To do so, they go to Immortal City, or a “City of the Gods,” where we learn that there are more than Asgardians in the universe, which begs the question, just how many Gods are there? Does this retcon the idea that Asgardians are aliens? Wasn’t that the whole idea? Thor as a franchise would have been better served in the hands of Waititi from the beginning, if only to introduce amazing concepts like Zeus discussing orgys, color Gods, and massive depictions of every sort of God in the universe in one big dias. Thor attempts to sway the Gods of the universe to their cause, and Zeus flicks him away like an ant, to the delight of the Gods and the audience watching. Also, a brief moment of praise for Waititi for including Zeus’s male assistant as falling down when Thor’s godliness is laid bare. We love to see that everyone can fall sway to the God of Thunder’s good looks.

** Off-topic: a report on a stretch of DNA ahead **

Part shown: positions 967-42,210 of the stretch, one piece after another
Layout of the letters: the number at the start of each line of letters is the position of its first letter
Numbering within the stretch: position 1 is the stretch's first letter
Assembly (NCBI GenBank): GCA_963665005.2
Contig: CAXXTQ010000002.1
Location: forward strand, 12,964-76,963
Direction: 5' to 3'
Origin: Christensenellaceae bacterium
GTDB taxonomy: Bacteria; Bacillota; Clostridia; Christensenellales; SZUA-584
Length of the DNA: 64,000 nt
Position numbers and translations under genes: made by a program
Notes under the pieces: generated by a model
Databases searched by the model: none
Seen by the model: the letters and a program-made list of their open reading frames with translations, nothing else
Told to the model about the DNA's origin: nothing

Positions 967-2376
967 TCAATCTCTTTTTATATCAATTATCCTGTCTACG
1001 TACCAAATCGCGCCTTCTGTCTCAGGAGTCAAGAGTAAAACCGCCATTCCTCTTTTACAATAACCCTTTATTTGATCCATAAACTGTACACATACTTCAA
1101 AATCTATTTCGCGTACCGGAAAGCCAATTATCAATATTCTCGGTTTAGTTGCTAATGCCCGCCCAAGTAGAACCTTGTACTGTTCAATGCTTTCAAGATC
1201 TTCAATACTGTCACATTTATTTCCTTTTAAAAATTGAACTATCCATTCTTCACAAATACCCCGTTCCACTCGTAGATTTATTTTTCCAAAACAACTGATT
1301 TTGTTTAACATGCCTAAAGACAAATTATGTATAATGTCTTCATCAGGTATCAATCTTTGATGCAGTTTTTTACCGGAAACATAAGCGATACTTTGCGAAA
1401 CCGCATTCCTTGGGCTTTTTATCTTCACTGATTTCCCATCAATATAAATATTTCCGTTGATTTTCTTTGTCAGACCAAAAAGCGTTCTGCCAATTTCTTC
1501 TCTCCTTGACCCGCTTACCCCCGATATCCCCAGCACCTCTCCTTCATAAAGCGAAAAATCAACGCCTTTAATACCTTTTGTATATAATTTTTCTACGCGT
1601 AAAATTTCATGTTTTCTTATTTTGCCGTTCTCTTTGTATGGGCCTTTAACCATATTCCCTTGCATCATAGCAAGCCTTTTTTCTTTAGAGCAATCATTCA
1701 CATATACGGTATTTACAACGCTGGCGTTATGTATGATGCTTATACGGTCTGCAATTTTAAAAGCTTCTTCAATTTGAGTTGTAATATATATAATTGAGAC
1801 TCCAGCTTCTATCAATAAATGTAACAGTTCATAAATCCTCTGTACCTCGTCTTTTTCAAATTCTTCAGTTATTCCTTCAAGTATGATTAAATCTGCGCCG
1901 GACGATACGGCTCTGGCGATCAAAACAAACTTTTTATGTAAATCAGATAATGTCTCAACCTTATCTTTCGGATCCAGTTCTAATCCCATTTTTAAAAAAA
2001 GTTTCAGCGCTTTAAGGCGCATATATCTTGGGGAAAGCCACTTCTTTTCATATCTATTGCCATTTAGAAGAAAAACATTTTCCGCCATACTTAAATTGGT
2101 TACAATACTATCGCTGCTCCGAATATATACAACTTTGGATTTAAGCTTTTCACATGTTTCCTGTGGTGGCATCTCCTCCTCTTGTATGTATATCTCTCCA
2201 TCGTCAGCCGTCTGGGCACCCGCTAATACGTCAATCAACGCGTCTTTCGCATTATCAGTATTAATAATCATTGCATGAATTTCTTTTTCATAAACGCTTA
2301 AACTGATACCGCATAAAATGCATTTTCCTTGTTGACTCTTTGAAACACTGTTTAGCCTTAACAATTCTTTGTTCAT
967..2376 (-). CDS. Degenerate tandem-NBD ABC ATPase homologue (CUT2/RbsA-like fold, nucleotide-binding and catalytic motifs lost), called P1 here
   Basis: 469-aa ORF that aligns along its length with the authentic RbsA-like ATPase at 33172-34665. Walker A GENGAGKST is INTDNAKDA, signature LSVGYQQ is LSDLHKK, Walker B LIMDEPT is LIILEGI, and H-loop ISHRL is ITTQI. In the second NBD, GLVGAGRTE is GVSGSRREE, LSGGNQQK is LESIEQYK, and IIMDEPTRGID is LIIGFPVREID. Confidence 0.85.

Thor chastises them for forgetting their place, Jane transforms, excited to battle, and they fight with Thor slaying Zeus and stealing his thunderbolt, thinking it might be one of the few things to kill Gorr on his rampage. Zeus hints at there being a goal to Gorr’s rampage, that he’s seeking out the mysterious “Eternity”. They head towards Eternity in a realm of shadows where the film becomes something out of a nightmare as they try and help the kidnapped children.
Bale’s performance as Gorr is the equivalent of Caine’s in A Muppet Christmas Carol. Caine was quoted as saying he wanted to treat his costars – the muppets – as if he was working with Shakespeare. Bale treats the cast like he’s gunning for an Oscar, and it delivers an absolutely terrifying performance. He’s not playing Gorr, he’s back in Empire of the Sun or The Machinist, and he chews his way up to the top of the heap in scary Marvel villains.